Malaysian researchers test demand response with residential PV systems


Increasing integration of intermittent energy sources has shifted focus to balancing supply and demand with a view to increasing operational flexibility and energy efficiency. Investigating the impact of demand response on low voltage networks with a PV system, researchers of the Universiti Teknikal Malaysia Melaka (UTeM) in Malaysia have showed how it can help improve the network performance in different scenarios.

Each of the three case studies was carried out based on 100 urban low-voltage network samples, and considered different degrees of demand response participation at varying levels of PV penetrations for a total of 10,000 network analyses.

In the first case study, consumers responded to their own demand profile without PV generation (e.g., they delayed using their washing machine until later in the evening). In the second, participants responded to their own PV-generation profiles. For them, demand response consisted of load shifting (e.g., taking a hot shower in the morning when local solar power is available). In the last case study, consumers considered both their own demand and PV generation profiles simultaneously (e.g., they decreased their use of air conditioning after receiving a signal from a central demand response optimizer).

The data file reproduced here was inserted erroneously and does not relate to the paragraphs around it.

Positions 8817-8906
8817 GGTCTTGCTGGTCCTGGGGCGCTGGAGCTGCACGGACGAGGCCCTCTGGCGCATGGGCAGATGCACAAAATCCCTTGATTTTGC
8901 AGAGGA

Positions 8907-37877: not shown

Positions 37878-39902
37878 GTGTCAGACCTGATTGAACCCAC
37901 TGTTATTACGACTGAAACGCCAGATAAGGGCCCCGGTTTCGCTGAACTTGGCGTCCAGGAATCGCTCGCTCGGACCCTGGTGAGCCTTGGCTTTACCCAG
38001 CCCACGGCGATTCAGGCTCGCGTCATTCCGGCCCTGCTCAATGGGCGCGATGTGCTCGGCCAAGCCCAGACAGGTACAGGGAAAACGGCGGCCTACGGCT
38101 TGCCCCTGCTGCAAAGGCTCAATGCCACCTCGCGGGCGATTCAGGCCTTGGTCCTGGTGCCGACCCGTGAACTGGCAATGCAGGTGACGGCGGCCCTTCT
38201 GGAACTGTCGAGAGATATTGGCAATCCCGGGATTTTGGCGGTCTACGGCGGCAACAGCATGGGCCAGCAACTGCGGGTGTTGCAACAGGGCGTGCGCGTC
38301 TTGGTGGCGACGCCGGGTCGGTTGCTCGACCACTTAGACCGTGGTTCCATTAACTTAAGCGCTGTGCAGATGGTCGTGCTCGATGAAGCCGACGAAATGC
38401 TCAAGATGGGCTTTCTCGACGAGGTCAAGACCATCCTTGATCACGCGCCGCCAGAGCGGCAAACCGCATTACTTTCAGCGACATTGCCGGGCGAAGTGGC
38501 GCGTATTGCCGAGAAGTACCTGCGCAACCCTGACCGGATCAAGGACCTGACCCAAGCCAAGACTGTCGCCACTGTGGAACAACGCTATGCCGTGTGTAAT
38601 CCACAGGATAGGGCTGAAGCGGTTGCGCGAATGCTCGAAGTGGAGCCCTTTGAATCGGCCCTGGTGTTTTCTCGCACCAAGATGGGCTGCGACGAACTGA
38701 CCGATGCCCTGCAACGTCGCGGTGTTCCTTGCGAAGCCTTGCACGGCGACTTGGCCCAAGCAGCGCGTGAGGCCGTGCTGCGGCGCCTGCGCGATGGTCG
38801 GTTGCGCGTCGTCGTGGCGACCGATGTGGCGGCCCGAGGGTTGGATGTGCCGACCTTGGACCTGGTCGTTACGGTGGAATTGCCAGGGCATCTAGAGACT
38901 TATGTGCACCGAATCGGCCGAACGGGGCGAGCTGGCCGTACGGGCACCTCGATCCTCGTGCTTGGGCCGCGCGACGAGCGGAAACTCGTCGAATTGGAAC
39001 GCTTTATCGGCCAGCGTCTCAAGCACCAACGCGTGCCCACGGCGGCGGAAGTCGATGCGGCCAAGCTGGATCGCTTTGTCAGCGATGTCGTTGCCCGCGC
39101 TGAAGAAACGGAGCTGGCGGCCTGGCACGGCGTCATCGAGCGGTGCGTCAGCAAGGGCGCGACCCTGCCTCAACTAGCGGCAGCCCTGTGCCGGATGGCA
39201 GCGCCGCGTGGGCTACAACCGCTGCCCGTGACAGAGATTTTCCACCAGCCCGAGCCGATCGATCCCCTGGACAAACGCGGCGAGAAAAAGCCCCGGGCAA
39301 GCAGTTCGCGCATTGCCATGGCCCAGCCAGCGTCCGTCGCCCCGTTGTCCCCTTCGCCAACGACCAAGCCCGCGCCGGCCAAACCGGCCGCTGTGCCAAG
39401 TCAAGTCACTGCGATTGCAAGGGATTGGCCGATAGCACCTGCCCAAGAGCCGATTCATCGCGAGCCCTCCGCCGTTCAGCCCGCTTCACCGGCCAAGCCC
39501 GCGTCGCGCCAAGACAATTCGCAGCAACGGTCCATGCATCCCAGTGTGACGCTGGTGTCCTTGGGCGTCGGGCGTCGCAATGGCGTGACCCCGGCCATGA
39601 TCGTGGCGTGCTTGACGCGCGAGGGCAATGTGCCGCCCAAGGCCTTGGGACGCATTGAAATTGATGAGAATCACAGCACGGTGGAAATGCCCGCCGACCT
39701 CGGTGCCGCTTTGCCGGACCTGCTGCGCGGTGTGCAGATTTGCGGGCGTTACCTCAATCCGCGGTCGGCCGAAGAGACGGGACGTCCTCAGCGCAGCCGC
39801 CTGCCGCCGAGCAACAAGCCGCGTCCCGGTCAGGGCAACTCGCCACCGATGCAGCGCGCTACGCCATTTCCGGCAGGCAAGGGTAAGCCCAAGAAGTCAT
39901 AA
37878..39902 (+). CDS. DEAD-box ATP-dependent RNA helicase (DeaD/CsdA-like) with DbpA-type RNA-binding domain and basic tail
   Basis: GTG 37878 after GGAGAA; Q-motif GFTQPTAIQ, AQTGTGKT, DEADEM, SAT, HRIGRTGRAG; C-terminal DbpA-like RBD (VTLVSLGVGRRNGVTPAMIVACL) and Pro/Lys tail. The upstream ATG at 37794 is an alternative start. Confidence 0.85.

The results suggested that with 100% PV penetration, direct response applications at a residential consumer level can achieve 32% peak reduction, reduce network losses by 42%, and achieve 12% load factor increment for the optimized demand response case.

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“Although demand response provides notable benefits to the network, it cannot by itself fully unleash benefits of intermittent renewable energy, particularly when the output of generation is higher than the demand,” Gan said. “Demand response, therefore, coupled with the integration of energy storage and energy management systems would likely maximize the benefits of renewable energy in future energy systems.”

In sum, a demand response program at a household level could help the utilities to accommodate to a high level of distributed energy resources in the network without compromising the network performance and quality of service, demonstrates the research released in Journal of Renewable and Sustainable Energy.

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